Where Psychology and Creativity Meet

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Picture an individual sitting across from a therapist, unable to voice their innermost battles; unable to vocalise hidden shame or trauma; unwilling even in this safe space, to speak aloud their fears….

Now, imagine the same individual given a sheet of silver, handed the freedom to express themselves with art, physically moulding, filing, shaping a blank sheet, waiting to tell a story through a piece of jewellery. Encouraged to create, the patient subconsciously lets their guard down, and with it, acceptance of trauma and emotions. Art therapy is where psychology and creativity meet.

Every Thursday, Open Workshop runs from 5:30pm-8:30 pm at Exodus Youth Worx, where participants have complete freedom to design pieces of jewellery. We believe that jewellery is extremely personal and conveys a story, which is why we allow attendees full artistic control over their projects.

Additionally, the first Thursday of every month there is jewellery making alongside other art therapy projects. These projects often centralise around identity, goals or even just simple art projects to reinforce the significance of creativity on the person and community as a whole. These evenings are more reflective and personal to the individual, allowing them to dive deeper into themselves, again enhancing mindfulness and self-healing.

Activities such as these have proven to assist a person in expressing inexpressible emotions as a result of trauma, family circumstances, school etc, through a gentle approach where a process of self-healing starts. Unlike the jewellery making classes, these projects are able to be replicated at home in their own time whenever they may feel the need to reconnect, recharge or be mindful. A lot of people investigate ideas about their interests, hobbies, heritage, friends, and families in their art works, therefore allowing them to reconnect with what gives them joy and purpose in life. Whether the individual has a mental illness or not, we can all get caught up in the busy lifestyle of today’s society, therefore, it is always helpful to every now and then reflects on what brings us peace and satisfaction in life. Thus, Open Workshop also teaches lifelong lessons.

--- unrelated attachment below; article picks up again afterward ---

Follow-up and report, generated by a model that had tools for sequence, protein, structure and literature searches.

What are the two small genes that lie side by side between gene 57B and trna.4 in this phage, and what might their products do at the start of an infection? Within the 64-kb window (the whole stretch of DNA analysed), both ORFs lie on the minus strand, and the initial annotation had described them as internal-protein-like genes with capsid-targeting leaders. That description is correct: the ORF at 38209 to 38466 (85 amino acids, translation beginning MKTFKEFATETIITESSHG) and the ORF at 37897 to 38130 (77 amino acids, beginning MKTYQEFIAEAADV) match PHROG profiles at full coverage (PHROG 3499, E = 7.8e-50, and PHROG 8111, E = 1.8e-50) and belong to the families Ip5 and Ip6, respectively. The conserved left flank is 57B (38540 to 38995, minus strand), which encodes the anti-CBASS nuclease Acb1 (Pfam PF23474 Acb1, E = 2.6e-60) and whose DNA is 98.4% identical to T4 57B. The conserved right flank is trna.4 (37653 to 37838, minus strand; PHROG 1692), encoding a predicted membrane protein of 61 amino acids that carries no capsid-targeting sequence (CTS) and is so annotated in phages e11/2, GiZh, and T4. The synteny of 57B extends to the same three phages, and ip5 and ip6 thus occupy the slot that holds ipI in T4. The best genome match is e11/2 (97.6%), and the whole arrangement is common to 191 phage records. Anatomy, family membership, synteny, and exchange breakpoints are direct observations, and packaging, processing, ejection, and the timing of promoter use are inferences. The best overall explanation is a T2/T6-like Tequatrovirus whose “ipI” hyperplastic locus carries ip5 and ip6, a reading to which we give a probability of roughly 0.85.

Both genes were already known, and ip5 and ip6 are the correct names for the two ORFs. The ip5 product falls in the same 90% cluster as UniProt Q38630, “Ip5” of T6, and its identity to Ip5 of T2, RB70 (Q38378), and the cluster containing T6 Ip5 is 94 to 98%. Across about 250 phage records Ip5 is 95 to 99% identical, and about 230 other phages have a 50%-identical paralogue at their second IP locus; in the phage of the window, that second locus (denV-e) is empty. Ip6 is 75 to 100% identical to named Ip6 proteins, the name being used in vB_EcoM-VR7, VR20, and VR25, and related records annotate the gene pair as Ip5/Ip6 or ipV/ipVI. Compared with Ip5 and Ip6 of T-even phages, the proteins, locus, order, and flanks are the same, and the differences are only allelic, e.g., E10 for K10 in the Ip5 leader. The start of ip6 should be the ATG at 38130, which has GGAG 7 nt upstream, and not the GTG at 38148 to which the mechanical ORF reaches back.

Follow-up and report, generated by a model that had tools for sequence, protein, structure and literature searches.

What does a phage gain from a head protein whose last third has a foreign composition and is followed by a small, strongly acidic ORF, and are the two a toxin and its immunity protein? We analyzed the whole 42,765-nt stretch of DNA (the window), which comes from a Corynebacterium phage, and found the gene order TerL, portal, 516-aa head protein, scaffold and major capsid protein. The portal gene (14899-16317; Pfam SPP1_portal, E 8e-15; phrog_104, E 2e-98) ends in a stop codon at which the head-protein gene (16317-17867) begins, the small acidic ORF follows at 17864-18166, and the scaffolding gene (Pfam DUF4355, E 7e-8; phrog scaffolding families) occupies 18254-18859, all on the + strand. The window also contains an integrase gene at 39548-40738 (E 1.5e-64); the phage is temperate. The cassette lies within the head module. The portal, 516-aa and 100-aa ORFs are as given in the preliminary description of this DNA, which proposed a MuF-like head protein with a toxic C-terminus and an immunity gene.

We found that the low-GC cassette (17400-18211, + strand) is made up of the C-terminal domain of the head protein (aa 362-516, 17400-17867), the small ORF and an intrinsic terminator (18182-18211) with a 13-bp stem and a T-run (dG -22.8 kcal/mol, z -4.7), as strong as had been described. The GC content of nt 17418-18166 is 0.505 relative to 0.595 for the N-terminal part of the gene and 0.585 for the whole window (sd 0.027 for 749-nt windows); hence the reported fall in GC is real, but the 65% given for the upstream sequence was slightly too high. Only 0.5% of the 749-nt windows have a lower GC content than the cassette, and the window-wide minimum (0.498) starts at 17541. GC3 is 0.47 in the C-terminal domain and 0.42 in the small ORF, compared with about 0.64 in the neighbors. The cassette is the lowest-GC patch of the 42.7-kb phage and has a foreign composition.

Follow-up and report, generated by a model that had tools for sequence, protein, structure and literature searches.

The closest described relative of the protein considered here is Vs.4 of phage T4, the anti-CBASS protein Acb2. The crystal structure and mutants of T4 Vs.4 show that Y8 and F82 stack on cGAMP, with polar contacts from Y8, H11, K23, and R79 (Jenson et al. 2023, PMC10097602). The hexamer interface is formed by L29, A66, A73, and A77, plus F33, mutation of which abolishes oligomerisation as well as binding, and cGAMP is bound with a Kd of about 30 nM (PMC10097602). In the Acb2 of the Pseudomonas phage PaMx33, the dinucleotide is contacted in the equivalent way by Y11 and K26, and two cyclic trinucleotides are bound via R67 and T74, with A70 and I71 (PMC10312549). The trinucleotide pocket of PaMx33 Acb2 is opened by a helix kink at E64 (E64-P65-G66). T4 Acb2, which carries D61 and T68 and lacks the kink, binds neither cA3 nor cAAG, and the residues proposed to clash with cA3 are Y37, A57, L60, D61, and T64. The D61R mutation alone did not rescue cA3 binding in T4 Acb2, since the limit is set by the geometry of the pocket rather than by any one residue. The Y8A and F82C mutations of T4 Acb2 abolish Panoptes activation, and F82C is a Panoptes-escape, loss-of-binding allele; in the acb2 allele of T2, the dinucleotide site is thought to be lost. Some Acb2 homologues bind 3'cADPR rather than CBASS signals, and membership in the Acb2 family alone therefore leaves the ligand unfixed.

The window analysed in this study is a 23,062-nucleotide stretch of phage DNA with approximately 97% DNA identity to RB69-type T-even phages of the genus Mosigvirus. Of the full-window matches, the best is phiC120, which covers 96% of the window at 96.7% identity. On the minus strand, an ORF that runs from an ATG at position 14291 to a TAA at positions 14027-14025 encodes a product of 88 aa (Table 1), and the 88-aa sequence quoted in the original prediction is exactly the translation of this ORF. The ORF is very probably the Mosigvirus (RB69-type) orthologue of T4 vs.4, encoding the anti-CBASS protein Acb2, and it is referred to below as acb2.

Social work and counselling are often accessible to a certain extent no matter what status or income of the patient, which is positive for those who benefit in these spaces. However, the cost for art therapy in the Georges River Council area is extremely expensive and not accessible to all who may benefit, as most programs are a minimum of $250 for 4-6 weeks. For example, a two-day soldering class is $360, a four-day course to make your own sterling silver ring is $475 and a basic jewellery skills course for 7 weeks is $670. The tools, materials, equipment, and the expertise required to teach a jewellery making workshop are intense to manage, we are not denying that, and these classes at other organizations have proven to be very beneficial for specific parts of the community. We however are currently providing all of this plus more at an accessible price, a $5 donation with all equipment required and the teaching done by two professional jewellers. Therefore, resulting in our program to be accessible to people coming from a low socioeconomic background. 

Not only is the cost at other organizations often exclusive to people with a certain income but the lock-in commitment may not be feasible for someone with a mental illness. For example, someone experiencing depression may not feel mentally or physically prepared to attend every single session, therefore if they pay for 7 weeks and only attend a few sessions, it is almost a waste. Hence why the nature of our organization assists in creating an “easy come easy go” atmosphere, as we are a drop-in center. It is generally recognised that loneliness is a very real issue in Australia, as 1 in 4 Australians feel lonely (Psychweek.org, 2018).